Castle Rising Castle is a magnificent, imposing and commanding structure, built in the 12th Century and sitting on the west coast of Norfolk. It's one of the most important and well known keeps in all of England.
It exudes boldness and strength, and surrounded by huge high ramparts it has commanding views over the Norfolk countryside.
From the outside it looks so well preserved that it gives the appearance of still being completely intact, and almost lived in. Well worth a visit.
This imposing castle was built in 1140AD by William d'Albini for his new wife, but I don't believe it was ever built for the purpose of defending himself so it was much more a "residence" than an actual castle, a statement of power and wealth, as was so often the case in those days.
The most famous inhabitant of Castle Rising Castle was Queen Isabella, widow of Edward II. It is alleged that she murdered her husband and consequently used the castle as her main residence thereafter.
Interestingly, it is thought that this castle was modelled on Norwich Castle which is now the Norwich Castle Museum. I must admit that from some angles it does look very similar.
Although it no longer has a roof, the entrance to the interior is through a thick black doorway at the bottom of one of the corners of the castle, and you’re immediately faced with magnificent stone steps up to the castle keep forebuilding. If you don't go up the steps, you can turn left to the entrance of what used to be the basement.
Apart from housing royalty, it was also used as a rather magnificent hunting lodge, and at one point housed a mental patient in the 18th Century.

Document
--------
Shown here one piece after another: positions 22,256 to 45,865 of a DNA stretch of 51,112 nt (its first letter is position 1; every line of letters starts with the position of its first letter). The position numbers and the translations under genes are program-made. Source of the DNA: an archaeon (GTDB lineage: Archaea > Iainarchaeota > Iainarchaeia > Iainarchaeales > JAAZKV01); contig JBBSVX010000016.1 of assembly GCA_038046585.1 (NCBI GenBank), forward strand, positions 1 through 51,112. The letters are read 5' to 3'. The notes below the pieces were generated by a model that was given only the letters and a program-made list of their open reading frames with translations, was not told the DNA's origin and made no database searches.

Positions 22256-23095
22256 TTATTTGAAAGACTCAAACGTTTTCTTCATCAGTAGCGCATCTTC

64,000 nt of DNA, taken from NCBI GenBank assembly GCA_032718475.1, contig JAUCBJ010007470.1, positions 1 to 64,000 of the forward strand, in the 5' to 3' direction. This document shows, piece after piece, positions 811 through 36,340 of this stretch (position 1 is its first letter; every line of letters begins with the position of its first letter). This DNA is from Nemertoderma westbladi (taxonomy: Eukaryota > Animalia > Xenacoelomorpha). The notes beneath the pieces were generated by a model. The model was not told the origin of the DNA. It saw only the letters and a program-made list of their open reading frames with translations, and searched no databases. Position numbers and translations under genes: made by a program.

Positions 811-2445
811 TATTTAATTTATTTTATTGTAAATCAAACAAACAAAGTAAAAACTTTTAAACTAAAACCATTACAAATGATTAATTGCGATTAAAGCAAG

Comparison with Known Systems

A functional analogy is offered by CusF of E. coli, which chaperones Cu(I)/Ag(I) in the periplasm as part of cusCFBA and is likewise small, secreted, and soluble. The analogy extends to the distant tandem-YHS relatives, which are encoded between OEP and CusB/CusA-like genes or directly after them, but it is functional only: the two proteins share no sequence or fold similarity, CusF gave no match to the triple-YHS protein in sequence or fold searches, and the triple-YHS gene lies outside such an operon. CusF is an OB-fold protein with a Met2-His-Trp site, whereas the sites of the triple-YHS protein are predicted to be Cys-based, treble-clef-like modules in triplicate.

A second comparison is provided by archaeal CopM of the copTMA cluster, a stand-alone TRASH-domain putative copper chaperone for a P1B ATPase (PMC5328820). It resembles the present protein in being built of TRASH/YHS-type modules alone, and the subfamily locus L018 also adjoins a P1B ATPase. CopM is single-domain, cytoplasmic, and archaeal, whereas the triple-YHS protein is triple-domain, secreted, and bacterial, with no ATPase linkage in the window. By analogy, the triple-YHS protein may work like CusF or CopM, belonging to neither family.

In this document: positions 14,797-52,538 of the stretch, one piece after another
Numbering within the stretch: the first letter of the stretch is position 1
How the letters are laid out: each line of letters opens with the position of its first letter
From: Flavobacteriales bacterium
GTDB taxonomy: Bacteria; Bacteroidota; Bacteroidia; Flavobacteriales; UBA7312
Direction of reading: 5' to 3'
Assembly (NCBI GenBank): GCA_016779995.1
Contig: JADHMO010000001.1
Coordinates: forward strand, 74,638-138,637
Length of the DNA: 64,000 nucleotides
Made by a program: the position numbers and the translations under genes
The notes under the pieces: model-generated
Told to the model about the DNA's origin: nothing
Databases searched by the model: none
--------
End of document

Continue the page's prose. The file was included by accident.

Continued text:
Eventually the castle passed into the hands of the Howard family in 1544 and is still owned by the family today, but managed by English Heritage.
With such well preserved rooms, stone steps, narrow passages and walkways, you can’t help but be impressed by the masonry and sheer craftsmanship as you walk around the castle interior. The arrow slits in the walls give amazing views towards the Wash and also inland, and you can just see why it was such a prominent building in its time.
In my view, as with all the other castle ruins in Norfolk, this castle is an exceptional place to visit, not only because of its place in English history, but also because it is such a key part of Norfolk’s heritage.
I defy you not to be engrossed by the imposing corridors and passages, the great stone architecture around one of the particular doorways and the magnificent grand hall (which it must have been in its time).
The inner bailey at the castle also shows the ancient remains of a Norman church, thought to have been built long before the castle and you can see the outer walls of this in great detail when wandering around within the ramparts.
This is really a great day out for everyone of any age, and even more so if you've got the kids in tow. They'll love it as the imagination can really run wild here! Without children, it makes for a very peaceful, tranquil and relaxing day.
You can also take an easy walk around the top of the high ramparts surrounding the castle where your eye can see for miles, out over the village, towards the Wash and inland towards Sandringham and Grimston.
Parking is very easy, there is a large car park with plenty of space, as well as a WC. As you walk towards the castle you come across the small gift shop where you will need to pay your entrance fee.Dogs are allowed on leads in certain areas.
If you want an even longer day out, there is a 6 mile circular walk through pretty woodland, along the River Babingly and out into the Norfolk countryside. You can find this walk, and 17 other walks in the Norfolk Heritage Walks book.
Castle Rising is another extremely pretty village in Norfolk, very much like Castle Acre, with it's picture postcard flint cottages and a beautiful church, pub and tea room. It has a one way system through the village with parking either at the castle or on the east side of the village.
The abbeys and castles in Norfolk are definitely worth visiting:
Not far away from here is Castle Acre Castle and Castle Acre Priory, again a “must see” for the sheer brilliance in architecture, as well as amazing preservation works.